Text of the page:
The Open-Air Rink

The Second Rink

Open-Air Rink

Photo Courtesy of Norma Hermann

The second rink in Cornwall was an open-air rink, the perimeter was enclosed by a high wooden fence. This rink was located on the Meadow Bank road slightly behind where the Save Easy now sits (of course there were no houses there at that time). It is said that the Howards owned that property and offered the space for the rink.When speaking with the residents of Cornwall about this particular rink, it was made very clear that Mr. & Mrs. Gordon MacMillan were the driving force behind its creation and up-keep. Many people attested to Mrs. MacMillan devoutly flooding the rink very frequently. There was a near-by well which was used to draw water to flood the ice. One resident, Audrey MacPhee, even remembers icicles hanging from the bottom of Mrs. MacMillan’s large coat one day while she was flooding the rink.

It is unclear as to the exact dates in which the out-door rink operated. However, it is said that it did not operate for very long. The second rink was built a few years after the indoor rink was destroyed and was still in operation, at least for a short time after the North River rink was built (1949). So it can be estimated that the open-air rink operated from sometime in the mid 1940’s to the early 1950’s.

As mentioned earlier this rink was enclosed by a six to eight foot high wooden fence and was cared for mostly by Mr. & Mrs. MacMillan.2  It was lit by strings of light bulbs hung above the ice surface, and it was not uncommon for a loose puck to shatter some of the bulbs. There was also a deck built onto one end where spectators could stand and watch the games.3  Audrey MacPhee, who grew up in Cornwall remembers her parents, with the help of another couple operated the canteen at the rink.  Although she doesn’t remember exactly what was sold at the canteen, she believes that there most likely would have been things like coffee, chocolate bars, donuts; there were no bags of chips at that time.  Audrey also described the small building attached to the rink. It housed the canteen in the corner, as well as an open area with benches where people would change into their skates. Beyond that there was an area for hockey players to dress.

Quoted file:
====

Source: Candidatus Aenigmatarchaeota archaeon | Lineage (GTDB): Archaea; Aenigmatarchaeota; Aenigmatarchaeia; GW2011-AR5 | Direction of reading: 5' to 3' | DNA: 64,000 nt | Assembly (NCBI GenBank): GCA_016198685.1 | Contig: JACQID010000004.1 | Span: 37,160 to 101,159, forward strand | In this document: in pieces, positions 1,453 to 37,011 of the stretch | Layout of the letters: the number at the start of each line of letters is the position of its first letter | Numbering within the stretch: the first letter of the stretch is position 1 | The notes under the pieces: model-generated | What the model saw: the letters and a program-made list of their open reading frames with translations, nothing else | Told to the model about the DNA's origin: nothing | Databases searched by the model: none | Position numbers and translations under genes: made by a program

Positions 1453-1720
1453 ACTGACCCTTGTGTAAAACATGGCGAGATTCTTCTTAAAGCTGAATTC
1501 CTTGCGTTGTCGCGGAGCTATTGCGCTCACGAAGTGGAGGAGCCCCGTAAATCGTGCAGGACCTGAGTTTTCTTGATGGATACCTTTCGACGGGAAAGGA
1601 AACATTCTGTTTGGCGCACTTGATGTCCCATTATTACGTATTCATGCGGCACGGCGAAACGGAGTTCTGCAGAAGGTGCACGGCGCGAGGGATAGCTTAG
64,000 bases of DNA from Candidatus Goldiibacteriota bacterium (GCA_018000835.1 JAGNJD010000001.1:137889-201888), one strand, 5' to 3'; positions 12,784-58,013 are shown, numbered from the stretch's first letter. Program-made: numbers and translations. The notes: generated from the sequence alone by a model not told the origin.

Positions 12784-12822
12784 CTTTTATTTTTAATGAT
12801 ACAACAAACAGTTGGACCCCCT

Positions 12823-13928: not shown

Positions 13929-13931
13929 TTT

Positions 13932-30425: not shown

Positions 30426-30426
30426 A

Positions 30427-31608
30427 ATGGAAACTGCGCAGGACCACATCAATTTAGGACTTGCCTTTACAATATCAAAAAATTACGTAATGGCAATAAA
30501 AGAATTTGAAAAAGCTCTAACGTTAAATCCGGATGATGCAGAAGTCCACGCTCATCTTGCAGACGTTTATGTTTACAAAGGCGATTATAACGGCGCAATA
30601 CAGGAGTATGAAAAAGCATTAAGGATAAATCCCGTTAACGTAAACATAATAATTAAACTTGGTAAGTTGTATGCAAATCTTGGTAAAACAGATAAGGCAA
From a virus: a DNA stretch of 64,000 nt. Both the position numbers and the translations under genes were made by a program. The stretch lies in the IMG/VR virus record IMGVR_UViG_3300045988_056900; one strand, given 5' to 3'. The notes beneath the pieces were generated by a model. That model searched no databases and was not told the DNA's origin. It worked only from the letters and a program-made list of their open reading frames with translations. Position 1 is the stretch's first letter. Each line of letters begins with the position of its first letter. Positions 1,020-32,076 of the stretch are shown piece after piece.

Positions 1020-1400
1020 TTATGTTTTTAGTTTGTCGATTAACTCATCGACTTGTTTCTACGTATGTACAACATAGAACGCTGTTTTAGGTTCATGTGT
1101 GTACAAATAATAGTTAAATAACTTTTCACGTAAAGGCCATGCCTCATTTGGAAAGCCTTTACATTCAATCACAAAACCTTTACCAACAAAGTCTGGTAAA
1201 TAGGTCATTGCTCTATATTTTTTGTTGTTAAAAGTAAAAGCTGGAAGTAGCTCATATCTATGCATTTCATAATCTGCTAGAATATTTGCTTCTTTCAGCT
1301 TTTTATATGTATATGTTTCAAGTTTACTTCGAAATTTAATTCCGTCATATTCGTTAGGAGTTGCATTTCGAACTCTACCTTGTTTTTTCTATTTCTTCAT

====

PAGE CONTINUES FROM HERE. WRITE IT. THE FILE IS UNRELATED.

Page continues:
Mrs. MacPhee also remembers the women’s hockey team which was called the Cornwall Sisters. Although she was in her pre-teens when the outdoor rink was built, she believes that the woman’s team in Cornwall was running before the outdoor rink was operational. The woman’s team would be on the ice every Saturday mornings and many of her aunts played on the team. In an article from The Guardian dated March 8, 1950 there is a review of a hockey game played between the Cornwall Sisters and the Long Creek Beavers Sisters. Unfortunately the Cornwall sisters lost a close game, 1-0. The team consisted of the following players; Ethel Gillespie – goalie, Christine MacPhail and Joan Murray as defense-men… women.  Audrey Frizzle, Laura Hyde, Velma MacKinnon, Bernice Gass, June MacPhee, Shirley MacKinnon and Nan MacKinnon, forward.4

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